A winter finale? Have you noticed the new phenomenon over the past few years regarding winter breaks for television shows? It’s no longer okay for shows to be off for a couple of weeks to deal with network holiday scheduling of seasonal favorites. We now must have two cliffhanger finales each broadcast year – one mid-winter and one late spring.
The writers now have the job of coming up with plot twist after plot twist to keep up with the double demand. And while the job of writing is a tough one, for sure, we wind up with rushed, weakened storylines that get pushed through due to time constraints. And it’s not easy to be brilliant in writing every day.
In business, if you’re not growing, you’re dying. We’ve heard that once or twice before. Such pressure to be relevant and topical (like the life of a blogger perhaps?) in the midst of being reinventive and path-leading. Businesses have to keep up with the best, but more.
Think about the great corporate messaging battles through the years – Coke vs. Pepsi, AT&T vs. MCI, Miller Lite vs. Bud Light. Remember how much anticipation was wrapped around these commercials. We looked for new ones often, with new catch phrases, celebrities and jingles. The Super Bowl was the most anticipated time of the year for pinnacle awards in such excellence to be given. And yet, for the first time this year, substantial brands, like Doritos, declined to participate in the “$5 million for 30 seconds” commercial game. Is Doritos now irrelevant? (not in my house!)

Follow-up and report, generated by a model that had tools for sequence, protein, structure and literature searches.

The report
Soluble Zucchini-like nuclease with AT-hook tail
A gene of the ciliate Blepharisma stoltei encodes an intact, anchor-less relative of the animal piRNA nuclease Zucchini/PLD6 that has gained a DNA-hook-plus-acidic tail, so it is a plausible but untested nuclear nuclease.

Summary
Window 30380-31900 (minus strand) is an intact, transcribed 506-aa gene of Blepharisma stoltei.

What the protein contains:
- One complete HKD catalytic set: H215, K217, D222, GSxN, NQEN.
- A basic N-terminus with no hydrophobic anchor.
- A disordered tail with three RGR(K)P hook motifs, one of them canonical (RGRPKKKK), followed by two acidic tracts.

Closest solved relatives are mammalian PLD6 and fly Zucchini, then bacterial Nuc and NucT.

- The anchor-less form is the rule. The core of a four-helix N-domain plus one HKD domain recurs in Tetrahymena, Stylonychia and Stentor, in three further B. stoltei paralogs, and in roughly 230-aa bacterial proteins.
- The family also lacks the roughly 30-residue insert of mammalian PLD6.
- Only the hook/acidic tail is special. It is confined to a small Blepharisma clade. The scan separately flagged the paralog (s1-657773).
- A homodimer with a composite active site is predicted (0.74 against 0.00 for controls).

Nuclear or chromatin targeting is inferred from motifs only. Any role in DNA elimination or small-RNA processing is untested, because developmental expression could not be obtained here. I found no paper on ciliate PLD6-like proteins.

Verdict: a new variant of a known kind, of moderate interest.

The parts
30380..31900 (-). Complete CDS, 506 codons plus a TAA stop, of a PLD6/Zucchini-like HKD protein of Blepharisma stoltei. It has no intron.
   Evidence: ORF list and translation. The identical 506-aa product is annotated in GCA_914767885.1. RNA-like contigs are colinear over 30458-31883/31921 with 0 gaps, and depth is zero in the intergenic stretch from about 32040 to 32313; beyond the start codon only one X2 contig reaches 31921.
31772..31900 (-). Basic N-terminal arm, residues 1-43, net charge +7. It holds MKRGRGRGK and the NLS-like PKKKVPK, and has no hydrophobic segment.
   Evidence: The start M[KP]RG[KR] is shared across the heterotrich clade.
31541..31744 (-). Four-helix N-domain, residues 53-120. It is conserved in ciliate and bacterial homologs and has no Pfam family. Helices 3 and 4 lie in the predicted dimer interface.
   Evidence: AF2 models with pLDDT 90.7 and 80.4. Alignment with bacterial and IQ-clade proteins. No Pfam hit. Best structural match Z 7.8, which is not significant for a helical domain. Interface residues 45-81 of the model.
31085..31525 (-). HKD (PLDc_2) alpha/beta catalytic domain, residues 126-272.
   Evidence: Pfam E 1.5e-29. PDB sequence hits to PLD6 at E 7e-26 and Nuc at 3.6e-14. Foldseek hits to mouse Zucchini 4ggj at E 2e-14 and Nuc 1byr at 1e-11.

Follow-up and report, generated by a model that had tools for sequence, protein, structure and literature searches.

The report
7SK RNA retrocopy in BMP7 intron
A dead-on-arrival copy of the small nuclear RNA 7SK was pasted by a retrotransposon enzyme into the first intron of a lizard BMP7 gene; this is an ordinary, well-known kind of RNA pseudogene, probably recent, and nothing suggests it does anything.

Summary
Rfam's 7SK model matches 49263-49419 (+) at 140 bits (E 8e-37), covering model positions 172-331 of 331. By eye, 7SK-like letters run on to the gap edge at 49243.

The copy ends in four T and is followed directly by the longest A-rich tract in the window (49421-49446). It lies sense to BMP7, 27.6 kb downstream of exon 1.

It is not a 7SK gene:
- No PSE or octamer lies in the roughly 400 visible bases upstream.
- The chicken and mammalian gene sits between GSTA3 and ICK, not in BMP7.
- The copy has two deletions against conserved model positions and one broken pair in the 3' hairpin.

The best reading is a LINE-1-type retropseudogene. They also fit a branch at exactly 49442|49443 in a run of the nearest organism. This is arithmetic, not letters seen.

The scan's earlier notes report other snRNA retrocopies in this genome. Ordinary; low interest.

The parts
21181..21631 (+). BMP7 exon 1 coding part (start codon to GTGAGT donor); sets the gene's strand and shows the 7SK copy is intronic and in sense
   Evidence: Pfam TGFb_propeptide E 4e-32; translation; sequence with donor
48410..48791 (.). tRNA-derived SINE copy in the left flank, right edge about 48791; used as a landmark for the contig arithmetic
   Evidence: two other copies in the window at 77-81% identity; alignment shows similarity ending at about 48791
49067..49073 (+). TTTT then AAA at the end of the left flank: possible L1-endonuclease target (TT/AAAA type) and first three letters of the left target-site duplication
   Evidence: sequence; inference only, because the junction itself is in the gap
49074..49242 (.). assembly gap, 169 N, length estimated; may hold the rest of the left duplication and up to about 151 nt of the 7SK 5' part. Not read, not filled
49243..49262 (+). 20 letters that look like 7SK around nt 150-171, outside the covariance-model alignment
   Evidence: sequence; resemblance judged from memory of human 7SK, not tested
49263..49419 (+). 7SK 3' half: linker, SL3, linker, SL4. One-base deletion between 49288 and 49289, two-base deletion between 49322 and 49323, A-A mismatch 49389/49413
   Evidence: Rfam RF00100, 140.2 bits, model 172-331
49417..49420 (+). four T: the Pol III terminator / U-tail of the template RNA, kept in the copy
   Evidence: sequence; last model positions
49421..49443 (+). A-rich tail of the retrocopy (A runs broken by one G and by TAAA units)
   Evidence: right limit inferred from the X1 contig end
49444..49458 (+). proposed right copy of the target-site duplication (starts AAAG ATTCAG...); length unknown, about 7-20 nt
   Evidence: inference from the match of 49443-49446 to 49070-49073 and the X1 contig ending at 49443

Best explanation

What undo pressure is upon us to be fresh and new every single day? We know that trying new things is important. We ought to have our finger on the pulse, but let’s not swing the pendulum so far as to forget why people liked us in the first place. Companies that were successful with certain strategies and products should not throw out those things purely to be ever-changing. Change is not always good if it’s based on the goal of it being done for its own sake. (New Coke anyone?)
The pressure to perform is real. As business professionals, we should investigate thoroughly what the latest and greatest is. We should adopt those things that will help to deliver additional product and service offerings. We should consider how we educate our teams and our customers about our offerings. We should utilize workable resources to strengthen our marketplace position. But, we should not lose our footing just to show activity.
When I was in gym class in high school, there was a classmate who would flail about wildly under the net to block the offensive shot. He did pretty well at it. It wasn’t pretty to behold, but it worked. He was then taught better how to play under the net. He was no longer as effective. His form was better, but his product (the ability to block and distract shots) suffered. What was the goal? He went from an effective weirdo to an ineffective player. He should have been left to be the first.
Test why you are about to adopt a new stance, service or process. A winter finale might work for a show on the CW, but it might not make sense for CNN. Don’t adopt just because others are. The business reason should be great, the process to determine effect should be piloted and the ability to change should work forward and backward.
And while your lane is wider than you think, try to stay in it. Food companies that launch dating sites purely because they can aren’t really firm in their footing. Imagine “Panera Tinder.” That might be one of the scariest swipe left or right sites – Brings a whole new meaning to “You Pick Two.”